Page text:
By forming a radial disposed in the orthogonal plane extending from the axis of rotation of the disc, for example as shown as 32, it will be recognized that the read/write head gap locus is displaced from the radial 32 by a pre-determined distance generally designated as "A" on the drawing. Preferrably as illustrated in the drawings the distance "A" by which the read/write gap is displaced from the radial 32 is one-half the distance between the read/write head gap 16 and the erase gaps 18-20 when a "tunnel erase" head is used.
In the prior art whether straddle or tunnel erase formats were utilized, the data recorded in any given apparatus upon the rotating magnetic disc was recorded as magnetic transitions of fixed angular displacement from a matching radial which was equal for all data rings.
In accordance with the present invention the angle of the magnetic transitions to their matching radials is variable with the radius of the data ring. In accordance with the preferred embodiment of the present invention the angle of the magnetic transitions to their matching radials is equal to:
where: B is the angle between the radial and the magnetic transition as shown at B0 and B88 on the drawing.
A is 1/2 the distance between the read/write gap and the erase gaps; and
R is the distance between the axis of rotation 30 of the disc and the center of the data ring or track under consideration such as shown at 26 and 28 in the drawing.
Utilizing the foregoing information and formula and taking for example a 51/4" floppy disc having 96 data tracks per inch (TPI) recorded thereon, data track zero (26) at a radius of 2.250000 inches, and utilizing a tunnel erase head with a spacing between the read/write gap and the erase gaps of 0.036 inches, those skilled in the art will recognize that the R for track is 1.333333 inches while the R for track 26 is 2.250000 inches assuming that track 26 is data ring zero and track 28 is data ring 88. Under these circumstances the angle B0 is equal to 28 minutes, while the angle B88 is equal to 46 minutes. The mean value of the angle is thus calculatable to be 37 minutes and thus approximates the 33 minute fixed value, used in the prior art and the maximum difference from the prior art of 13 minutes at the inner data ring would enable utilization of apparatus constructed in accordance with the present invention to read data written by standard prior art apparatus of the type described above.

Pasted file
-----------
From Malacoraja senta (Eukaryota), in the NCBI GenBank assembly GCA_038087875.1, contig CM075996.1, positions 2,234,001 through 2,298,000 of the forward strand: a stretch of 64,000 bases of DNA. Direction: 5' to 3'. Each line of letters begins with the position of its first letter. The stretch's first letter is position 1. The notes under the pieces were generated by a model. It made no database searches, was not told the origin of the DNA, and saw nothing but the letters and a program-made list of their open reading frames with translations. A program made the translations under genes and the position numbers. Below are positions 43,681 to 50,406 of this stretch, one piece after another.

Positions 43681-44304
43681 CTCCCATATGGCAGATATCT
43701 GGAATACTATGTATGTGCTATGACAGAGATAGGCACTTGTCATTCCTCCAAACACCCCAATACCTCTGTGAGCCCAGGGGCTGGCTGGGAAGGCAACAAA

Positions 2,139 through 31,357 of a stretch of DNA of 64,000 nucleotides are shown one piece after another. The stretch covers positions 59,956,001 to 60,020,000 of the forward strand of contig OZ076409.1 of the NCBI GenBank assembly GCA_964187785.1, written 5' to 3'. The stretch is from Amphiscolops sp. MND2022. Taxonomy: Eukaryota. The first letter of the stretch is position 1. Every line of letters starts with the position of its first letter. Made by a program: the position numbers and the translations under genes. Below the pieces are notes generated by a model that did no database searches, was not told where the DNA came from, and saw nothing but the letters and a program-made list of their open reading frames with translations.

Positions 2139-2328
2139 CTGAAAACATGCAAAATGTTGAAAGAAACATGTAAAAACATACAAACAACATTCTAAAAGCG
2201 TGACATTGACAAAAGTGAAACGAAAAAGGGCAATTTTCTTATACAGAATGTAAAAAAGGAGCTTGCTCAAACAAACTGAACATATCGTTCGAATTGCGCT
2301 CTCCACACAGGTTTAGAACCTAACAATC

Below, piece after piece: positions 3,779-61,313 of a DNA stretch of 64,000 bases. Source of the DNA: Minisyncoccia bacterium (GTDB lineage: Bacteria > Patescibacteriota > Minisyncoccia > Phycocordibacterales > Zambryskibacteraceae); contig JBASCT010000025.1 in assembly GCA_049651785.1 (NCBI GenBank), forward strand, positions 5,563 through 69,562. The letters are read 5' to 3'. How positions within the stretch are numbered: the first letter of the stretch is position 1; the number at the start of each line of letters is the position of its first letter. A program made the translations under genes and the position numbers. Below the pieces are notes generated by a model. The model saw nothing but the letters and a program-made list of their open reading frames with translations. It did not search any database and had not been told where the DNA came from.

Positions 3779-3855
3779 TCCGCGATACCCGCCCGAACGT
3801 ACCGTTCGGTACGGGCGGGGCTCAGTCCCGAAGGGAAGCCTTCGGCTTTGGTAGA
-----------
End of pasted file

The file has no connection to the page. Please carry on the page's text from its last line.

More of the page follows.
In accordance with another feature of the apparatus constructed in accordance with the present invention, the transducer positioning apparatus 12 positions the read/write head gap with respect to the data track pitch in accordance with the following ratio: ##EQU4## It is therefore recognized that in accordance with the presently preferred embodiment and utilizing the same dimensions above set forth, that the read/write head 10 moves an extra 54 microinches for every inch of data ring displacement. It is through this extra movement that a data ring pitch compatible with prior art apparatus is achieved. That is, not only can the read/write head 10 read data which has been recorded by prior art apparatus but prior art apparatus can also read data recorded in accordance with the apparatus of the preferred embodiment of the invention.